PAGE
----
in The Northern Ireland Troubles in Britain
Open Access (free)
Janelle Joseph

histories and crucibles of diasporic trajectories “where Europe is not at ‘the center’ – which retain a critical bearing on understanding contemporary diasporic formations and their inter-relationships.” Thus, it is necessary to deploy “diaspora space,” which is a concept introduced by Avtar Brah ( 1996 ) to explore the lateral connections between diasporas – the ways “in which

in Sport in the Black Atlantic
Open Access (free)
Janelle Joseph

Chapter six draws from empirical evidence to interrogate how Afro-Caribbean-Canadians embody multiple hybridized national identities, and at the same time use dominant discourses to draw boundaries around national identities that are supposedly pure. The family and friendship ties of cricketers lead them to regularly frequent their nations of origin in the Caribbean, or Caribbean spaces in United States and England. It is during these visits that they share national iconography and symbols such as a Maple Leaf pin (Canada), or curry goat (Jamaica), which is central to the attempts to fix and celebrate national boundaries and identities. The Mavericks come to know themselves as more (and sometimes less) Canadian or Barbadian through their interactions and interminglings with Barbadian players from England. The purpose of this chapter is to highlight the relationships among deterritorialized communities that share plurilocal homelands, and the interpellations of geo-political regimes whose narratives are powerful enough to embrace and alienate at the same time. This chapter shows how nation of origin and Canadian nationalisms are reinforced in transnational, diaspora spaces.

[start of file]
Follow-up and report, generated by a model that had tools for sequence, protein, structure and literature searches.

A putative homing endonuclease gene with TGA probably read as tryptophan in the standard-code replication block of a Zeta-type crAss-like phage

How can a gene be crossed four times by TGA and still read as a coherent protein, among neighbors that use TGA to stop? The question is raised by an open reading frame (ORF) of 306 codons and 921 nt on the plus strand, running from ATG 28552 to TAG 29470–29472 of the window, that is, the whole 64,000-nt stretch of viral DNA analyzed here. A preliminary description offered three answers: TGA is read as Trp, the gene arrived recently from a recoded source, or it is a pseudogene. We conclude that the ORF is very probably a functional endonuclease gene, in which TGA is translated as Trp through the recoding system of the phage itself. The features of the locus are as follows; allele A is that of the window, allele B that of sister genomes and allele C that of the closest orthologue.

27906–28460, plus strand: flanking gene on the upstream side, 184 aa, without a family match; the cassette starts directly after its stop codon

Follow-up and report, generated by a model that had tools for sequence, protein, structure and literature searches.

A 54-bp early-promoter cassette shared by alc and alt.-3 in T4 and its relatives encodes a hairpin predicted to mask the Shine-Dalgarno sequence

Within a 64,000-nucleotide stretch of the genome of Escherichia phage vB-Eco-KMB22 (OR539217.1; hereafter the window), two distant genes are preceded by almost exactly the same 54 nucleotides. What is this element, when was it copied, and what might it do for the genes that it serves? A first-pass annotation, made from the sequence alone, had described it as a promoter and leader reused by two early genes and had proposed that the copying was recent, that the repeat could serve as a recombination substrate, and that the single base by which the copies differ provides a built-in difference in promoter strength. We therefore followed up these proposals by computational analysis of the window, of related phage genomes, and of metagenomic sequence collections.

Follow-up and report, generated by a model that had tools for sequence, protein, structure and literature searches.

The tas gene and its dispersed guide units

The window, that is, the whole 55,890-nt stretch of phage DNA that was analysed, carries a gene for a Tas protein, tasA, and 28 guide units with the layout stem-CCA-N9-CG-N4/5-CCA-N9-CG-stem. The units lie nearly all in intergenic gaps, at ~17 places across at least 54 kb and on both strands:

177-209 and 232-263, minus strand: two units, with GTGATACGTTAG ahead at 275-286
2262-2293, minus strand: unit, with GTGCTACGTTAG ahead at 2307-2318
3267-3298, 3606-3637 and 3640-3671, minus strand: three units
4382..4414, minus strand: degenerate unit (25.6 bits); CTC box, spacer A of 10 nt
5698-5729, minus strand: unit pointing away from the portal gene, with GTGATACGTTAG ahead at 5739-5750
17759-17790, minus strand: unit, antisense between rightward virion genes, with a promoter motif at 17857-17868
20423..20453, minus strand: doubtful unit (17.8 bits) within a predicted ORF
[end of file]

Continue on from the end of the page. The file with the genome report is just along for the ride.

in Sport in the Black Atlantic
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Irish diaspora studies and women: theories, concepts and new perspectives
D. A. J. MacPherson and Mary J. Hickman

diaspora that stresses the multiple belongings of identity, where it is possible to be from one place but of many others.18 Avtar Brah’s concept of ‘diaspora space’ captures the hybrid nature of diasporic identity that connects these multiple locations. Brah suggests that in the process of the encounter and mixing of different migrant identities with those of the long-term settled, a place of settlement such as Britain becomes a diaspora space in which ‘the genealogies of dispersion’ are intertwined with ‘those of “staying put”’.19 In an Irish context, Mary Hickman has

in Women and Irish diaspora identities
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Manchester and the devolution of British literary culture
Corinne Fowler and Lynne Pearce